She received her B.A. in Biology from New College of Florida and M.S. and Ph.D. degrees in Biological Oceanography from the University of Washington. She has served on the National HAB Committee since 2017.

About Dr. Barbara Kirkpatrick

Dr. Barbara Kirkpatrick is Senior Advisor for the Gulf of Mexico Coastal Ocean Observation System (GCOOS). She has more than 35 years of experience in human and environmental epidemiology and started her career as a Respiratory Care Supervisor at Duke University Medical Center before going on to receive a Master’s Degree in Health Occupations Education at North Carolina State University and a Doctorate in Educational Leadership from the University of Sarasota.

After completing her graduate program, Kirkpatrick served as an Associate Professor at Manatee Community College in Bradenton, FL, where she continued her research interests in human respiratory health and assessing clinical teaching effectiveness. In 1999, Kirkpatrick joined Mote Marine Laboratory as a staff scientist and shifted her research focus to environmental human health, particularly the respiratory effects linked to harmful algal blooms.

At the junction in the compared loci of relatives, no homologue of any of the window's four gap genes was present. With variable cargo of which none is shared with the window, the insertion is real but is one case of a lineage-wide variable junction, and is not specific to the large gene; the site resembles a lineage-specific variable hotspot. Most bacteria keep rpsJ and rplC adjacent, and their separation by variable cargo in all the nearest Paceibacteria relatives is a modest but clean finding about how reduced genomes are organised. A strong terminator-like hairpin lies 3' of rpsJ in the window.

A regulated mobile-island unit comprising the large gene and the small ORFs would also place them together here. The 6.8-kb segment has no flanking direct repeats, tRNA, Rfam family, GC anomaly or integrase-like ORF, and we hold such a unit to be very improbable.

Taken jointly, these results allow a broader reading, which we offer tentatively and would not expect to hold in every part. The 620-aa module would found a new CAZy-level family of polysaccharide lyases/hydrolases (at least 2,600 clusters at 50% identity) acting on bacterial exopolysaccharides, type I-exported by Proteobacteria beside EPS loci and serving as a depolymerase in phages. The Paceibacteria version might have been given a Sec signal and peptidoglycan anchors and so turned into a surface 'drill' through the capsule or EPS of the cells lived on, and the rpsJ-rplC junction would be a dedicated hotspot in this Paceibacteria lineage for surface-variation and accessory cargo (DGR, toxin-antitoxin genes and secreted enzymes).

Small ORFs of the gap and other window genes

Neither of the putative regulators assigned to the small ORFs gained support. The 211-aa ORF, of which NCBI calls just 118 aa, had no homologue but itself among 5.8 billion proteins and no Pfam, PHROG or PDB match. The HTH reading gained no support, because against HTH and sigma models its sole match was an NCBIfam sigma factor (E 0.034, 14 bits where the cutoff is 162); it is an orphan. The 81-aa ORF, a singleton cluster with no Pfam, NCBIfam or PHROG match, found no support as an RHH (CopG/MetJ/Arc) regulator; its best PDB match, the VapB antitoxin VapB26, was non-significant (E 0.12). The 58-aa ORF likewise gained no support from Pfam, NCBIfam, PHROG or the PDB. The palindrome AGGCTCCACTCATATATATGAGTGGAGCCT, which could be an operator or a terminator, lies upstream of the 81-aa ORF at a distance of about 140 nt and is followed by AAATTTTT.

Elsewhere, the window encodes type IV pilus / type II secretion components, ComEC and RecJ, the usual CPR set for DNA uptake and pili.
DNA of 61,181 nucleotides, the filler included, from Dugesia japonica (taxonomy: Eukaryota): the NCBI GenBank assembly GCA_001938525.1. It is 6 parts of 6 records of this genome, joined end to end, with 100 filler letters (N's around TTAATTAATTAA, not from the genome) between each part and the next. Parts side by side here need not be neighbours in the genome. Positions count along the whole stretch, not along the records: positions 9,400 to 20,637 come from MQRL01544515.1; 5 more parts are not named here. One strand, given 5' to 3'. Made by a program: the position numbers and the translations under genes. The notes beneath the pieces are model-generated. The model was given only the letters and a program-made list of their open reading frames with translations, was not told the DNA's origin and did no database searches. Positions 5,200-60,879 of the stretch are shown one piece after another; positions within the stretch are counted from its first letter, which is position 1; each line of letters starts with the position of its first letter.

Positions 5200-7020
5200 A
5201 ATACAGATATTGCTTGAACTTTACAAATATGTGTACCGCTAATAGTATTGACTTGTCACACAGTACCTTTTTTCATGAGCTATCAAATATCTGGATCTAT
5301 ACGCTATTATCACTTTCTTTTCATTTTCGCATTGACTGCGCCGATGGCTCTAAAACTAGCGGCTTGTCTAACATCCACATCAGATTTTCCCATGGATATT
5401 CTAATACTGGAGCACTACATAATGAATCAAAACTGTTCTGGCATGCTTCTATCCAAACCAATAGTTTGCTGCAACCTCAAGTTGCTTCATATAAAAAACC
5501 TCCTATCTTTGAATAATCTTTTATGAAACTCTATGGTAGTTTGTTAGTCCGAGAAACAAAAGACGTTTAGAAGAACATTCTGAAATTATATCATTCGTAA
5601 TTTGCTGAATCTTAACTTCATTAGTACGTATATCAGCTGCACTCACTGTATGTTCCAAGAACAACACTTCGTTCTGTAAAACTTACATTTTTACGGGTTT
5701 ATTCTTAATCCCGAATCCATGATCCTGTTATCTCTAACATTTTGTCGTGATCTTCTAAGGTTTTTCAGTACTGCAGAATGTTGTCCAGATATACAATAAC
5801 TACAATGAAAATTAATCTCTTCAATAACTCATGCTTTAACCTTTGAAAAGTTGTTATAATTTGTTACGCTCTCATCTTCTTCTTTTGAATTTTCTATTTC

As a senior scientist and program manager at Mote Marine Laboratory, her continued research efforts focused on harmful algal blooms and the effects they have on humans. She was co-leader of the first major multi-institution study of Florida’s red tide on humans that was funded by the National Institutes of Health. The 11-year study was the first to scientifically document the impacts that red tide has on humans — particularly those who have chronic respiratory diseases.

She was the co-chair of the National Harmful Algal Bloom steering committee for six years and co-chaired the National HAB science meeting in 2013.

Kirkpatrick became Executive Director of GCOOS in 2014, where she was instrumental in broadening the scope of the ocean monitoring organization to include biological aspects of ocean monitoring — particularly monitoring for toxic algal blooms and marine animal movements. She retired as Executive Director in August 2021 and is now GCOOS Senior Advisor.

To register for the FL TechSurge event, visit mtsociety.org/fl-techsurge.